Twelve people – including three British soldiers – are killed in the first IED-related incident of 2013, as the Ministry of Defence warns that the situation is still “risky and dangerous”.
The soldiers were killed after their vehicle was struck by an improvised explosive device.
The dead men were named by the Ministry of Defence as Corporal William Savage and Fusilier Samuel Flint, both from The Royal Highland Fusiliers, 2nd Battalion The Royal Regiment Of Scotland (2 Scots), and Private Robert Hetherington, from 51st Highland, 7th Battalion The Royal Regiment Of Scotland (7 Scots). Their families have been informed.
They received immediate medical attention and were evacuated by air to the military hospital at Camp Bastion but could not be saved, the MoD said.
It is understood six other Britons were injured in the explosion, which happened while the soldiers were inside a Mastiff troop carrier – a 15-tonne vehicle which is regarded as one of the safest operated by the British military. Contrary to earlier reports, the MoD has confirmd that no Afghans died in the incident.
The soldiers were on a routine patrol when their vehicle was hit in Nahr-e Saraj district, Helmand Province, Afghanistan. This is the first IED-related death since last September, and takes the number of UK service personnel to have died since operations in Afghanistan since 2001 to 444. Six have died this year.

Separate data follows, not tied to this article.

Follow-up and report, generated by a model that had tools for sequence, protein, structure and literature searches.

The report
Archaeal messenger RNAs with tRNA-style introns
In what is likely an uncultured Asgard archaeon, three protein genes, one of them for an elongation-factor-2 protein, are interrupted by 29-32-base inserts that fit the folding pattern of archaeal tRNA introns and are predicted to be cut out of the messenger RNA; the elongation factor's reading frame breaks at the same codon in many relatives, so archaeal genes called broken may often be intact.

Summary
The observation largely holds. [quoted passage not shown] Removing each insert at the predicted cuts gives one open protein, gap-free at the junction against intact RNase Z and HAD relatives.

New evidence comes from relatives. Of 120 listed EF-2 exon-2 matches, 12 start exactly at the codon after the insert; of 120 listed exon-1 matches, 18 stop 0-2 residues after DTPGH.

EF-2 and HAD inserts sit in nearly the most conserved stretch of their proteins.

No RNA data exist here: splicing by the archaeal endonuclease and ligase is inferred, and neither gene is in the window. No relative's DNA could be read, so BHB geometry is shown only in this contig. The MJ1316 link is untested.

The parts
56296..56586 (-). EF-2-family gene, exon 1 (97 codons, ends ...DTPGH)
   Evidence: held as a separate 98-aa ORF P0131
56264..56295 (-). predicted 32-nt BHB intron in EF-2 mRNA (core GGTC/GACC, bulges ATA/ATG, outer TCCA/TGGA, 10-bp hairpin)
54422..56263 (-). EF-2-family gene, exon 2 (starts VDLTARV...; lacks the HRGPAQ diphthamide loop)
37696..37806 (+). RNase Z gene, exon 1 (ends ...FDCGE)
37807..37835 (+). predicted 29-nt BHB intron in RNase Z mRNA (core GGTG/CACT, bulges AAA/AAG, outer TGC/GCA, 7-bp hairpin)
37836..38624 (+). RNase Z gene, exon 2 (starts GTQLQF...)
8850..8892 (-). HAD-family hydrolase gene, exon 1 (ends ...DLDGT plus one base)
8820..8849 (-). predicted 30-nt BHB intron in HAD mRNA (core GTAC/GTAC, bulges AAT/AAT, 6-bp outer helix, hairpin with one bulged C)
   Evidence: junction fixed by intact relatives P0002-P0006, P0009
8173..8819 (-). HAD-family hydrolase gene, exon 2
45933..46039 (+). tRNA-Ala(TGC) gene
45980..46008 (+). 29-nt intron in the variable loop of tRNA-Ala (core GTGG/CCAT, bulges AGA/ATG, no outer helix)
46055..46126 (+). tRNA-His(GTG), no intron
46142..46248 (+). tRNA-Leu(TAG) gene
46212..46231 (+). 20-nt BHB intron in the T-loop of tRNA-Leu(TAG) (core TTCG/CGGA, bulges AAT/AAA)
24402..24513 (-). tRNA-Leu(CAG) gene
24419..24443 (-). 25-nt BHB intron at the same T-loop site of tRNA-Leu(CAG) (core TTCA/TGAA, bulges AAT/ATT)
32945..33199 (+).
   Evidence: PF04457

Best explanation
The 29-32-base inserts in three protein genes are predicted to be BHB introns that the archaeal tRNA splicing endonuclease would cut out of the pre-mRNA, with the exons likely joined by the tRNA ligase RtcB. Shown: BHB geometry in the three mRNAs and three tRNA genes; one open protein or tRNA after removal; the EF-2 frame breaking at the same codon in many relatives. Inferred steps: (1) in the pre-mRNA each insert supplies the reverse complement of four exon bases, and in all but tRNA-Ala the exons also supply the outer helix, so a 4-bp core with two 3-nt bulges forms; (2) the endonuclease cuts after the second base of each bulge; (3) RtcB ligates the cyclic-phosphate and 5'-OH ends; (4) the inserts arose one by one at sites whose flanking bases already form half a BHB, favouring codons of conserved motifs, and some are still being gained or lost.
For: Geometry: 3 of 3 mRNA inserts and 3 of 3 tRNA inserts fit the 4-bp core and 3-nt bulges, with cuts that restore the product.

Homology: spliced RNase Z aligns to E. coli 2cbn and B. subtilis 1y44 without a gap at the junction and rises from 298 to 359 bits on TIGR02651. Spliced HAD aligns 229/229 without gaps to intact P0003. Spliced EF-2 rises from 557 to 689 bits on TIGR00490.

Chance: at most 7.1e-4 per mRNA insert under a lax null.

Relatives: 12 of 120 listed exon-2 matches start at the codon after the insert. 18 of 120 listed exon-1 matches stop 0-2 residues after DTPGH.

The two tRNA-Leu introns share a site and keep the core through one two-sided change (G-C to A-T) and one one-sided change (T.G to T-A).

Every name, every face: British fatalities in Afghanistan - clickable graphic
The incident underlines the threats faced by British personnel as they continue to hand over security operations to their Afghan counterparts, ahead of UK combat operations concluding by the end of next year.
Prime Minister David Cameron said the country had paid a “very high price” for the work it was doing in Afghanistan but insisted the British presence, which comes to an end next year, was “vital” in making sure the country “doesn’t again become a haven for terrorists”.
Security in Helmand is believed to be improving, with Afghan forces now responsible for the bulk of the province. The MOD says the environment in which UK troops operate “remains risky and dangerous, including the threat of improvised explosive devices and insurgent attack”.
Spring has traditionally marked a significant upsurge in fighting between the Taliban and Nato forces with their local allies.
The coalition is scheduled to hand over security responsibilities to Afghan forces next year.
New questions surrounding the Mastiff
The Mastiff troop carrier is one of a number of fortified vehicles used by the British in Afghanistan that have helped to reduce to number of troops killed and injured by roadside IEDs.
The six-wheeled vehicle that can carry up to eight passengers as well as a commander, driver and gunner. The vehicle first arrived in Helmand in 2007 but its success led to calls by commanders for reinforcements.
The latest generation of Mastiff trucks have been fortified with stronger axles, better protection, communication systems and night vision equipment and had been resilient enough to survive numerous attempted attacks.
It is why this latest incident, at the tail-end of 12-year long war, will be felt even more deeply.